peloton turnaround plan It can’t happen fast enough: The home fitness company keeps losing money — and soon they run out.
The once-hot company reported a dismal quarterly financial report on Tuesday, with sales down 15% from a year ago. Peloton lost $757 million last quarter.
(PTON) CEO Barry McCarthy said he had only $879 million in cash in the bank at the end of the quarter, making it “undercapitalised,” CEO Barry McCarthy said. This forced the company to borrow a large amount of money from Wall Street to continue its operations.
As people return to the gyms, Peloton has been struggling to maintain its electric growth since the early days of the pandemic. Bicycle sales and subscriptions stagnated. The company has a very large inventory, and the demand is declining.
To combat this, McCarthy lowered the prices of its products Treadmills and bikes. That drove daily sales up 69%, McCarthy said. He also plans to sell Peloton products to third-party retailers for the first time ever.
“Transitions are hard work,” McCarthy said frankly to investors in a letter to shareholders. “It is intellectually challenging, emotionally draining, physically exhausting, all exhausting. It is a full contact sport.”
But the company’s return – if there is one – is slower than Wall Street wants. Peloton added just 195,000 new subscribers last quarter, less than half of what it was adding a year ago. The company said it will generate nearly $700 million in sales this quarter, far less than investors had expected.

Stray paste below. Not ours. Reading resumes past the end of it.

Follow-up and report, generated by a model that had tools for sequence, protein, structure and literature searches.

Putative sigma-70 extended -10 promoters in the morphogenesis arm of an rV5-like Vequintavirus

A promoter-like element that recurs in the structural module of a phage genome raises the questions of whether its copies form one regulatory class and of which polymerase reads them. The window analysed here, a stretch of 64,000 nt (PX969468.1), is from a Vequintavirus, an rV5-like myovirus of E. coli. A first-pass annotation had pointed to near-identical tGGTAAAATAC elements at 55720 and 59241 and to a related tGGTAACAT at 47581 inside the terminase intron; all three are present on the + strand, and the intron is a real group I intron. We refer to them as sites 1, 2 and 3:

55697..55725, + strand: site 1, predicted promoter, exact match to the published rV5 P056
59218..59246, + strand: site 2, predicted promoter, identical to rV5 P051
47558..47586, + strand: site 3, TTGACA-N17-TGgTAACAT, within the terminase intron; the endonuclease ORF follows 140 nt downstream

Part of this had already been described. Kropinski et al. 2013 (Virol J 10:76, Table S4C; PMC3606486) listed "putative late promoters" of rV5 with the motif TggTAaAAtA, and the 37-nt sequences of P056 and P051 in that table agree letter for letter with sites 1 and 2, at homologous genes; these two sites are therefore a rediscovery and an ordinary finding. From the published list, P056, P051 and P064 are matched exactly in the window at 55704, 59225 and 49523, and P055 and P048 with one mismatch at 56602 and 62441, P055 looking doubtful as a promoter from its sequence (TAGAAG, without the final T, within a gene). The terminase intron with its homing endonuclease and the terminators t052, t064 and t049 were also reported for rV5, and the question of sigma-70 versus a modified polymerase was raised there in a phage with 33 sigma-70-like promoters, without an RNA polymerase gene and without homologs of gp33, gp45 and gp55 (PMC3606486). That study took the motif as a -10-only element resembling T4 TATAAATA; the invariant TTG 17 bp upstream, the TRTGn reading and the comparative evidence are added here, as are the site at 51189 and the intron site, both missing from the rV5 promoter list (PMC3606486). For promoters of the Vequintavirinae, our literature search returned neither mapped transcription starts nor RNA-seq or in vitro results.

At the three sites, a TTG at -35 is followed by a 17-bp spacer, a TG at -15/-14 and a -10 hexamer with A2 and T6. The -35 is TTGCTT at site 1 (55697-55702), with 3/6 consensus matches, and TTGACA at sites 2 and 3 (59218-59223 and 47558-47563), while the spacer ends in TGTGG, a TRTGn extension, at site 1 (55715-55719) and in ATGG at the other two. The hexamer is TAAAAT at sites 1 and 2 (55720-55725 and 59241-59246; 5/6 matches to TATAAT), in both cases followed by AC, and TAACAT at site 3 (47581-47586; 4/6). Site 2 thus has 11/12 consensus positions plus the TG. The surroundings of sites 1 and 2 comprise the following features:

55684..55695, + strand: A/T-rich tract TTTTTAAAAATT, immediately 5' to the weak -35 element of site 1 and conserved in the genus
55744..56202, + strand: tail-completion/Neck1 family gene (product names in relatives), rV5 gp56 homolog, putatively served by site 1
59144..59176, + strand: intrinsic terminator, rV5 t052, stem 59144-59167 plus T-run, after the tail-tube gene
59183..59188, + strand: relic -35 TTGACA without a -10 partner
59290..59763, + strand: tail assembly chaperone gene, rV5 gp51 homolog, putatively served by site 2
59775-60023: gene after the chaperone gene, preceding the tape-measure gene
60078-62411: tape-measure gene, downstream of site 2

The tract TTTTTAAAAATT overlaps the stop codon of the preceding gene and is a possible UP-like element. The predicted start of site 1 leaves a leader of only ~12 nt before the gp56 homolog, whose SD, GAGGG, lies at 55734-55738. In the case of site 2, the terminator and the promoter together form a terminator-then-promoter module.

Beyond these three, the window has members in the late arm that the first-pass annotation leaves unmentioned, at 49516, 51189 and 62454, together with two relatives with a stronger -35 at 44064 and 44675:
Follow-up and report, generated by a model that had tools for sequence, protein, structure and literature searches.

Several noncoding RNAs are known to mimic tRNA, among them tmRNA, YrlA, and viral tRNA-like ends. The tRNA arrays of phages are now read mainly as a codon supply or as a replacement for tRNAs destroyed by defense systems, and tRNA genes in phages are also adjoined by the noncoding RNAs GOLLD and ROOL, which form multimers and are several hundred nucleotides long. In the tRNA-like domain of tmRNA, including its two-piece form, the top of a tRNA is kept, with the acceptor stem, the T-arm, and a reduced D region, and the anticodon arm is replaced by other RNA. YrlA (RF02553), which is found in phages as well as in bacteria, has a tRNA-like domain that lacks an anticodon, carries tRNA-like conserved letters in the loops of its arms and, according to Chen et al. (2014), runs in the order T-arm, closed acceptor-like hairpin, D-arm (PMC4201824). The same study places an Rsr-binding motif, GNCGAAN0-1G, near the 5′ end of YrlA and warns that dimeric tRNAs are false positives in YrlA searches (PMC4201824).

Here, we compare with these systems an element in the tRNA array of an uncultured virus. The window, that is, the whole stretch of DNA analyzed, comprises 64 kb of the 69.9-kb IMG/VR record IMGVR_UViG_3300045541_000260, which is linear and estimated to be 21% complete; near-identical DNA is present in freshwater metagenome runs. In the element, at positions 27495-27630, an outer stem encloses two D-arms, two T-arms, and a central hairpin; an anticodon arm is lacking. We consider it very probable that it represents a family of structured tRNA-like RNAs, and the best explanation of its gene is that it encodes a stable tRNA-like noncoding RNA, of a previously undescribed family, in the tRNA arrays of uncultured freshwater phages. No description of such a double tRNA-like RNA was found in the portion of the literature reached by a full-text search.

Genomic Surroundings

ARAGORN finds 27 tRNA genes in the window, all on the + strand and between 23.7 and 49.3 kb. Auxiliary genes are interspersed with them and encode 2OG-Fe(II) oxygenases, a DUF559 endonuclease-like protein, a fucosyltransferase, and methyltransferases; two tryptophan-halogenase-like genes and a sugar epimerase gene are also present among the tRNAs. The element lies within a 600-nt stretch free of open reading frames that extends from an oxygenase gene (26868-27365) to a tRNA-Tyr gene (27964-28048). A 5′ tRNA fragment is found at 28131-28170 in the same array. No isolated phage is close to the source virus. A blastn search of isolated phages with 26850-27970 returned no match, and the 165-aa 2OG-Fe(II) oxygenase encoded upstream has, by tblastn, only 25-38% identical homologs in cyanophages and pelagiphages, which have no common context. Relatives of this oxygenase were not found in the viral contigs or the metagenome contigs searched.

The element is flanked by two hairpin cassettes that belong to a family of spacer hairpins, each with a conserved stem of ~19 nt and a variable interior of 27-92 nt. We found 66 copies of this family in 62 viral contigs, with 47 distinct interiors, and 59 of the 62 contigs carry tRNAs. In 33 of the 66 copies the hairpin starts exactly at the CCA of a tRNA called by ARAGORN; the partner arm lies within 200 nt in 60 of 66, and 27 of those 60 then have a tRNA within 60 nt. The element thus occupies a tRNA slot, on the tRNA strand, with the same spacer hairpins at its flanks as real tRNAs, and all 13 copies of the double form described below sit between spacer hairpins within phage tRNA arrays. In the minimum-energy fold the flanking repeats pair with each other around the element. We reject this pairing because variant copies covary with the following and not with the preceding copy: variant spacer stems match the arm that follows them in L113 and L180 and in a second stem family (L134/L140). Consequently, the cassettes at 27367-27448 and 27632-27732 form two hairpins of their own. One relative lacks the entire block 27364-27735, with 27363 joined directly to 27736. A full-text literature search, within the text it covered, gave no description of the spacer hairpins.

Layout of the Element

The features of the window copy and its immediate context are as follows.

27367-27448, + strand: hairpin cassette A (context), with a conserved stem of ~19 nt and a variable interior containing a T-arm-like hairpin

Neil Saunders, managing director of GlobalData, said in a note to investors that Peloton’s $757 million loss is “extremely bad” and “underscores the enormity of the mission heart of the business.”
“It is reasonable to assume costs can be reduced further, but even with these future savings Peloton will still be, at best, a low-profit company with poor return,” he added.
Peloton shares are down 15% in early trading. The stock is down about 90% since hitting an all-time high in late 2020.
To stay afloat, McCarthy said Peloton is borrowing $750 million in five-year debt from JPMorgan and Goldman Sachs, two banks that helped with the initial public offering.
“I would like to thank everyone involved for their hard work in completing this important funding, and I look forward to reporting on the progress we have made in reshaping the Peloton business in the coming quarters,” McCarthy said.
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